The inaugural episode of “Sesame Street” aired on Nov. 10, 1969. It began with Gordon taking a young girl, Sally, on a tour of the block so she could meet some of the human and Muppet characters. A series of educational skits, songs, and cartoons followed.

The world has never been the same.

The Museum of the Moving Image is currently celebrating this show’s 50th anniversary with screenings, panel discussions, exhibitions, workshops, and plenty of Miss Piggy. The fun continues with “Sesame Street: the Premiere” on Sunday, Nov. 10, at 2 p.m. (Exactly a half century after the debut.)

This is one of the museum’s frequent screening-and-live events. First, attendees will watch the episode. Then three people who helped create it ─ Bob McGrath (who played the role of Bob), Frank Biondo (a camera operator), and Dick Maitland (a sound effects technician) ─ will participate in a Q&A session.

General admission is $15, but seniors and students can attend for $11. The entry price is $9 for those aged three to 17, while there’s no charge for children under age three. All ticket purchases include same-day access to the rest of the museum.

A lot has changed since Nov. 9, 1969, when Richard Nixon was president, the song “Sugar Sugar” by the Archies was a big hit, and only about two-thirds of U.S. households owned a television. The inaugural “Sesame Street” noted in the opening credits that it was “in color” as images of children playing in schoolyards set the tone, claiming that this was a place where people (and Muppets) live in harmony.

The episode was sponsored by the letters E, S, and W and the numbers 2 and 3. Big Bird, Ernie, Bert, an orange Oscar the Grouch, Kermit the Frog, and an early version of the Cookie Monster were first non-human characters to hit the scene. The “Number Song” series and “Jazz” cartoons debuted, and Carol Burnett was the first celebrity guest.

As Sunday’s event is part of an ongoing Golden Jubilee celebration, the fun will continue with Lost and Found on Sunday, Nov. 24, at 2 p.m. Attendees will watch rate footage that never aired or was shelved after the initial broadcast. Some skits have characters that were quickly retired. Then, Norman Stiles, a former head writer, and Rosemarie Truglio, Sesame Workshop Senior Vice President of Curriculum and Content, will participate in a panel discussion on mysteries such as why viewers never saw Snuffy’s parents get a divorce even though the scene was shot.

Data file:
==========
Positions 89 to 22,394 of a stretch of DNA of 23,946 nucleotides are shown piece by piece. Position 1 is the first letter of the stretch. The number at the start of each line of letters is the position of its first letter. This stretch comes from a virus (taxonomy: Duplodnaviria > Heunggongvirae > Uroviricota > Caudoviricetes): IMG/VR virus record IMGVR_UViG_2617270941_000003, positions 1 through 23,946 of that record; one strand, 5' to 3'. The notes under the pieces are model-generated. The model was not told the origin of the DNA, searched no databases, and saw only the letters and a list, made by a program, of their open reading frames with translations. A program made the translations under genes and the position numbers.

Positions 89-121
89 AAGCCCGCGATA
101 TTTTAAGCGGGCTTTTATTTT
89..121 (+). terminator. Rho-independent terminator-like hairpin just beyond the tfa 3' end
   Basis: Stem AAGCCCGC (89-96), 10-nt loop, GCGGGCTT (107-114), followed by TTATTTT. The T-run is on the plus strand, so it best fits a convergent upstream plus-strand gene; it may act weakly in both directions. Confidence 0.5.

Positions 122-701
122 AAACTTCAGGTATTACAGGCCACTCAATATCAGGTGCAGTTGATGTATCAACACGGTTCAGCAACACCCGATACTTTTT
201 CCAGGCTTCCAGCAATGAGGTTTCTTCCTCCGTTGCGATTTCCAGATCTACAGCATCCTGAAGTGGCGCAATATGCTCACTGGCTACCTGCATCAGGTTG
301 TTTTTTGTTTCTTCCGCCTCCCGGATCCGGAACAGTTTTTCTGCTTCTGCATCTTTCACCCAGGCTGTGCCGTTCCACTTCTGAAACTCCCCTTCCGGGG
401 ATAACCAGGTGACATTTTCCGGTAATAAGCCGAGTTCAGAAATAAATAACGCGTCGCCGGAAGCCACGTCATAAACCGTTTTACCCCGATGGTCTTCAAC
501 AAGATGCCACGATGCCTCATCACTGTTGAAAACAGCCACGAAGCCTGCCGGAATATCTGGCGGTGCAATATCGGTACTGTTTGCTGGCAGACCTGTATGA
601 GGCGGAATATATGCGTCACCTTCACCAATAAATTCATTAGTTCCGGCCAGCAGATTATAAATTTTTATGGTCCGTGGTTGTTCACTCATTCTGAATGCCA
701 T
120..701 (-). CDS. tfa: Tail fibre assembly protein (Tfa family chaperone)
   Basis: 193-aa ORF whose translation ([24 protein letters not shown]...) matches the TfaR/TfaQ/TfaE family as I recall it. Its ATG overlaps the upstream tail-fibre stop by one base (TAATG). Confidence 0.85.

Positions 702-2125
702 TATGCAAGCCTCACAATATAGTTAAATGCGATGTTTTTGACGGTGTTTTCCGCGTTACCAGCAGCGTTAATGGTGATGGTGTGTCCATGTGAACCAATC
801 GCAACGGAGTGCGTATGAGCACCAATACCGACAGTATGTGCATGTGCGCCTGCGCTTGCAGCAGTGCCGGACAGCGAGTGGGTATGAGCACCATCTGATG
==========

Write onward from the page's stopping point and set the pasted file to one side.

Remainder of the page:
The museum will host Christmas Eve on Sesame Street on Sunday, Dec. 22, at 2 p.m. Attendees will watch a 1978 special in which Big Bird ponders how Santa fits down the chimney and Ernie and Bert deal with a gift-giving dilemma. Then, Sonia Manzano, who played Maria, and other special guests will discuss the episode and present clips from other holiday specials.

These three movies will screen at the Redstone Theater inside the Museum of the Moving Image, which is located at 36-01 35th Ave. in Astoria’s Kaufman Arts District.

Editor’s note: The Jim Henson Exhibition is on permanent display on site. This show features nearly 300 objects, including Kermit the Frog, Miss Piggy, The Swedish Chef, Big Bird, and Elmo. Other items are character sketches, storyboards, scripts, photographs, costumes, and video clips. There are ongoing Muppet-inspired workshops (below image) as well.

Photos: Sesame Workshop (top); Thanassi Karageorgiou/Museum of the Moving Image (bottom)


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